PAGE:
Msuya may recall some of the white note’s other recommendations applicable to all three situations. These include: pressing for peaceful and negotiated political solutions; ensuring that all relevant parties facilitate the movement of commercial food supplies and access to necessary cash and fuel; and calling for and supporting independent, impartial and prompt investigations into alleged serious violations of international humanitarian law.

A joint FAO-WFP report on Hunger Hotspots issued in May, which forecasts food insecurity levels for June to November 2023 in 18 countries and regions, added the Sahel (Burkina Faso and Mali), Haiti and Sudan to its situations of highest concern. Paulsen and Skau may refer to the report’s analysis that sets out the overlapping and interlinked drivers of acute hunger: conflict and organised violence, economic shocks, weather extremes and climate variability. They could reiterate the report’s warning that humanitarian actions are critical to prevent further starvation and death in the situations of highest concern, including the Sahel and Haiti. In addition, they may recall its relevant recommendations including emergency and anticipatory actions, the latter being short-term interventions to be implemented before new humanitarian needs materialise.

Council members are also expected to be interested in the concerned countries’ views as to how to foster cooperation over food insecurity. Council members may call for the implementation of the recommendations in the white note and highlight their collective responsibility to implement resolution 2417. Resolution 2417 urged those with influence over parties to armed conflict to remind them of their obligations under international humanitarian law and for states to investigate alleged violations related to the starvation of civilians. It also recalled that the Council has adopted and may consider sanctions on those responsible for obstructing humanitarian assistance.

Last week, on 17 July, Russia announced that it would not extend the Black Sea Grain Initiative, which has allowed Ukraine to export grain through the Black Sea since August 2022 and has been considered key to keeping global food prices stable. Russia has said that it took this decision due to a lack of progress in resolving barriers that it says obstruct the export of its agricultural products to international markets. Tomorrow, some members may criticise Russia’s decision as counter-productive to efforts to address the crisis situations described in the white note.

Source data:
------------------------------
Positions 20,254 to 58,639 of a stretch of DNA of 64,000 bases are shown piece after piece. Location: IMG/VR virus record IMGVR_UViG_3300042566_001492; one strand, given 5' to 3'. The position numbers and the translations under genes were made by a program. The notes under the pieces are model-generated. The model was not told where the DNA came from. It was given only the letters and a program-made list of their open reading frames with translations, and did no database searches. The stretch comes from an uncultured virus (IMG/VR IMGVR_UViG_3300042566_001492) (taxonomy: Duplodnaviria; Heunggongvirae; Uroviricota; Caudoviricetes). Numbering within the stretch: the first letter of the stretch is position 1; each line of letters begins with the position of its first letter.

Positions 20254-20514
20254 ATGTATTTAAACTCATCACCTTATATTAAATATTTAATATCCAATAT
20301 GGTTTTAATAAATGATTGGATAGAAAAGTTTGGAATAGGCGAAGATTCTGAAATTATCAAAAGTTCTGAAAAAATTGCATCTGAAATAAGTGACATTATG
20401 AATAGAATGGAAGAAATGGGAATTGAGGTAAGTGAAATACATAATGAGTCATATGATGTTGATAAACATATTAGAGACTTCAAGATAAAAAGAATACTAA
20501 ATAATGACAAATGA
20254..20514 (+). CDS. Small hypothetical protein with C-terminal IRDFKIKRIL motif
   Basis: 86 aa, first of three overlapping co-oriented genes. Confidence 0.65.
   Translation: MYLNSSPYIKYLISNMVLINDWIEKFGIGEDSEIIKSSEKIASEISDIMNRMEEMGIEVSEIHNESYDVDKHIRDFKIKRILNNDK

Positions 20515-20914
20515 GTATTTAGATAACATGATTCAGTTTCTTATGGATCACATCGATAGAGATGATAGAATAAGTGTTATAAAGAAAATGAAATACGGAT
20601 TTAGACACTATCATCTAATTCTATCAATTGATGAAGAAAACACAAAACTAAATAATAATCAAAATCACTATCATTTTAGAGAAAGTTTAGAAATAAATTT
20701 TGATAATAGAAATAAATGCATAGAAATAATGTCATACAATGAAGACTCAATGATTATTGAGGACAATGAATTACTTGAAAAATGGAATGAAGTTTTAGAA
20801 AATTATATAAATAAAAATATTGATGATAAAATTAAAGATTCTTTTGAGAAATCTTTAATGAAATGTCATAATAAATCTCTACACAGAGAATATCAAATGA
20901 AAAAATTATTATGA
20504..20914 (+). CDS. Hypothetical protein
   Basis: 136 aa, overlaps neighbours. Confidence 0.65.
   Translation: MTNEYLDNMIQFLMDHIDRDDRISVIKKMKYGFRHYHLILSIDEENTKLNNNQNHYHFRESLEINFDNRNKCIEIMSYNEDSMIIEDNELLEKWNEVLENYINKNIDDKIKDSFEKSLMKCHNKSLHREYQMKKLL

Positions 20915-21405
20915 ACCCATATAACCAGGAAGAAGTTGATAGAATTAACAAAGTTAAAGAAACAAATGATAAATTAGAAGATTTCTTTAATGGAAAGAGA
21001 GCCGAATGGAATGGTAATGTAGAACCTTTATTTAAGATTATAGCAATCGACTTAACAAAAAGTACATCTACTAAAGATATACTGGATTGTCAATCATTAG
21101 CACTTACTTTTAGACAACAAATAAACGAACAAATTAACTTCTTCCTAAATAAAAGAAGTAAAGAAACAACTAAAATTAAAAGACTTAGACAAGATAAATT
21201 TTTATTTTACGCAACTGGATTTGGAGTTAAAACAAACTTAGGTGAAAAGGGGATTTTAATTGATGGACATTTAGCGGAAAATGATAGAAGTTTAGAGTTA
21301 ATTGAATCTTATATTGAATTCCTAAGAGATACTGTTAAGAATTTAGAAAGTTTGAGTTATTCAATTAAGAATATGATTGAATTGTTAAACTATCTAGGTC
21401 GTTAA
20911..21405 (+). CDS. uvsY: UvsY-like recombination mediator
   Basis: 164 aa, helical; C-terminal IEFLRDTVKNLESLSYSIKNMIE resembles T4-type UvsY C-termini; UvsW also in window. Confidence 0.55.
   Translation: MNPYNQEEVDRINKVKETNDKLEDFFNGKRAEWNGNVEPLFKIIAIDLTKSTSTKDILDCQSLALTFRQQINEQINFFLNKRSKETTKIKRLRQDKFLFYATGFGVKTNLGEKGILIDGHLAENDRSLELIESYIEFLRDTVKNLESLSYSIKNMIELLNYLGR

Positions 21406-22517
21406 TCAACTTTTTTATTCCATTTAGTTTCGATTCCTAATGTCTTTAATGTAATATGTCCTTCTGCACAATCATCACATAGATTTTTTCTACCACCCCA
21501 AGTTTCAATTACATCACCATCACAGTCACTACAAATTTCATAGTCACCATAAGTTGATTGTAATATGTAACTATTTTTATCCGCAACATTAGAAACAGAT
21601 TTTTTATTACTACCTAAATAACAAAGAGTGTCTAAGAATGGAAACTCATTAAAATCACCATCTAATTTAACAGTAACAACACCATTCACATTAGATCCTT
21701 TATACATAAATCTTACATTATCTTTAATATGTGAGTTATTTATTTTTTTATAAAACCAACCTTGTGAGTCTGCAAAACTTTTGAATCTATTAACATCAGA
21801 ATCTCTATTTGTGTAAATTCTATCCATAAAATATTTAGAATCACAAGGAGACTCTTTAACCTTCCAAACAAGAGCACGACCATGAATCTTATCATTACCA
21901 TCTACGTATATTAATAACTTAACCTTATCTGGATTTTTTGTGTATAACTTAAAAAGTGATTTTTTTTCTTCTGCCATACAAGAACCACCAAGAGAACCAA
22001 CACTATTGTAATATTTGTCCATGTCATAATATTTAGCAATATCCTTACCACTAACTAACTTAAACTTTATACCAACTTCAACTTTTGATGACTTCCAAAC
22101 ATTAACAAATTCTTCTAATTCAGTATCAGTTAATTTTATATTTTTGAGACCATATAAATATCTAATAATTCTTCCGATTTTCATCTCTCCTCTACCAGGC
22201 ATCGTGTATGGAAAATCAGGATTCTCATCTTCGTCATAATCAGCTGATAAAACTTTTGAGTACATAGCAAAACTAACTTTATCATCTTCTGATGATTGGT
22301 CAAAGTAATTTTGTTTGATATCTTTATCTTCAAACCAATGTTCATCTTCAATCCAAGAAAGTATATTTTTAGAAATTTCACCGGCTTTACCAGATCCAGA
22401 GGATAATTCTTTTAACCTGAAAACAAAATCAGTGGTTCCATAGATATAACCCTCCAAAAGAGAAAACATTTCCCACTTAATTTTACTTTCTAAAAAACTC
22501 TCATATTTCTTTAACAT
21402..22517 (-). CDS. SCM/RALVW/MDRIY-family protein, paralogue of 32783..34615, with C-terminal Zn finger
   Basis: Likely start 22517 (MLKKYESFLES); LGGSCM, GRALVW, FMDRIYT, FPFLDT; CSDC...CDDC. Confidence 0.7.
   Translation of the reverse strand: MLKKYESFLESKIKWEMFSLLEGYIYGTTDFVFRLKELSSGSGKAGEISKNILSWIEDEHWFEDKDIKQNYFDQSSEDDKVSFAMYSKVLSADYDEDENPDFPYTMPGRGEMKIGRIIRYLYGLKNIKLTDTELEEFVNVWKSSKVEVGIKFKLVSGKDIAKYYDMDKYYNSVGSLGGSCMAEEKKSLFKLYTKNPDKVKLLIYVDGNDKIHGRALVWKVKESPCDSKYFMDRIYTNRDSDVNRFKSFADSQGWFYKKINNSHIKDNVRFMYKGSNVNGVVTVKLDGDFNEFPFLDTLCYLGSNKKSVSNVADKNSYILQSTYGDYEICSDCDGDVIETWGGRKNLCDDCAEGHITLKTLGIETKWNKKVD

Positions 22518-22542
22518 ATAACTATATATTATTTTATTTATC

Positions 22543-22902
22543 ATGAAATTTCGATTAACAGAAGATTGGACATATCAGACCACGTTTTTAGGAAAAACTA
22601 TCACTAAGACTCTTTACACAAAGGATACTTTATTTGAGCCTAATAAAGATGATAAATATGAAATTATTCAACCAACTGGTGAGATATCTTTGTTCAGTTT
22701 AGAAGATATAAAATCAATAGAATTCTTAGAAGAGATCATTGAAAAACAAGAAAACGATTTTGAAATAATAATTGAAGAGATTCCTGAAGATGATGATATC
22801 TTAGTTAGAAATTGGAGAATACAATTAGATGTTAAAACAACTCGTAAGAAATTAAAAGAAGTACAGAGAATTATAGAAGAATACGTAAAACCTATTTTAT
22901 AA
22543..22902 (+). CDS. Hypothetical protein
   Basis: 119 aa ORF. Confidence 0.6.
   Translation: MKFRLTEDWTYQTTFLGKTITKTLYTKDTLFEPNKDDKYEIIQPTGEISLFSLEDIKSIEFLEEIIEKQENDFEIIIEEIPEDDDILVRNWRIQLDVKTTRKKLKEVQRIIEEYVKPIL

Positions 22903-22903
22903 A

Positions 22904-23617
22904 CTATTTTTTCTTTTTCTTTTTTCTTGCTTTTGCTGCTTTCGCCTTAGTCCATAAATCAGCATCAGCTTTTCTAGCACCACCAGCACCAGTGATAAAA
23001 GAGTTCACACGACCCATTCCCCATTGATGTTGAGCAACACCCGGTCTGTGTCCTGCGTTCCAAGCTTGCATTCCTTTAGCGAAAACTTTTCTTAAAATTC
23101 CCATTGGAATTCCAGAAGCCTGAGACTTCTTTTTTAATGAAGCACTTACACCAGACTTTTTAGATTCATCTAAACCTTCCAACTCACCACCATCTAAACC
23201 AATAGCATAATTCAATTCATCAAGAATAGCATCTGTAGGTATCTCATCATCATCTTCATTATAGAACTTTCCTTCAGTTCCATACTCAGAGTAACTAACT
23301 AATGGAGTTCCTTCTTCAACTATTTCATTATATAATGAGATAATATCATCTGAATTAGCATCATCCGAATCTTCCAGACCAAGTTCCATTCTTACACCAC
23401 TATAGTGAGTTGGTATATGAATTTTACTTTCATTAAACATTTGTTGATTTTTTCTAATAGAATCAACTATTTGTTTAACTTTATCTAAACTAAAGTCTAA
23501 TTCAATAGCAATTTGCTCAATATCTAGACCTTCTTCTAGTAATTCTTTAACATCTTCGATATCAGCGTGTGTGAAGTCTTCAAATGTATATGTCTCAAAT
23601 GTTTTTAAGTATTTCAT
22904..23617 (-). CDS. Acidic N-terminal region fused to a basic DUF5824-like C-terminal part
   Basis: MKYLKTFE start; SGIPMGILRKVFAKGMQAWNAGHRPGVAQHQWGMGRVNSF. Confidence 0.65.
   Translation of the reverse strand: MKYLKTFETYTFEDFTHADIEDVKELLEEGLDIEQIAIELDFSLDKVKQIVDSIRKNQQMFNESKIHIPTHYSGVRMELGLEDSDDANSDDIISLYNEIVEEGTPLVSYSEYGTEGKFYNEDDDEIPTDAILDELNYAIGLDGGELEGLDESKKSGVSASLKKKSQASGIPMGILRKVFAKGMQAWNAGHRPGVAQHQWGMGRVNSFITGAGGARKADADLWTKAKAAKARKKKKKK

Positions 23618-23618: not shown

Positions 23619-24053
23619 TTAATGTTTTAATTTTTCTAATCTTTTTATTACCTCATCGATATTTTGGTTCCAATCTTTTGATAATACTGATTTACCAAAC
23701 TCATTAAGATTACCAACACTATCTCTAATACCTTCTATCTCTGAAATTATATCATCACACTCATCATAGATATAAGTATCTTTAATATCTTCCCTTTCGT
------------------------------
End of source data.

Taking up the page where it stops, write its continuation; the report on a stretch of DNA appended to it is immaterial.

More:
In addition to greater humanitarian assistance and political interventions to facilitate aid delivery and address the immediate threats of food insecurity, members may recall the need for longer-term development support that strengthens food production capacities and that helps these countries become less vulnerable to food insecurity.

The focal points’ proposal for tomorrow’s IID follows objections by African Council members to holding a Council meeting on the 8 June white note. This appears to have stemmed from the focus on the situation in Burkina Faso, which is not a country on the Council’s agenda. African Council members have previously expressed concerns over Council engagement on the issue of “conflict and hunger” and discussion of OCHA white notes which, they have at times worried, may serve to bring before the Council countries that are not on its agenda. For instance, African members objected in 2021 to holding a Council meeting on a white note about the situation in the Tigray region of Ethiopia, which led eventually to its discussing in an informal interactive dialogue rather than a formal Council meeting. It seems that the same sort of compromise led to holding tomorrow’s session as an IID.

Tomorrow’s meeting comes ahead of next week’s ministerial-level open debate on famine and conflict-induced global food insecurity that the US is organising on 3 August as a signature event of its August Council presidency. It similarly held ministerial-level open debates on this topic during its Council presidencies in March 2021 and May 2022. Council members began negotiating a draft presidential statement earlier this week in connection with the upcoming debate.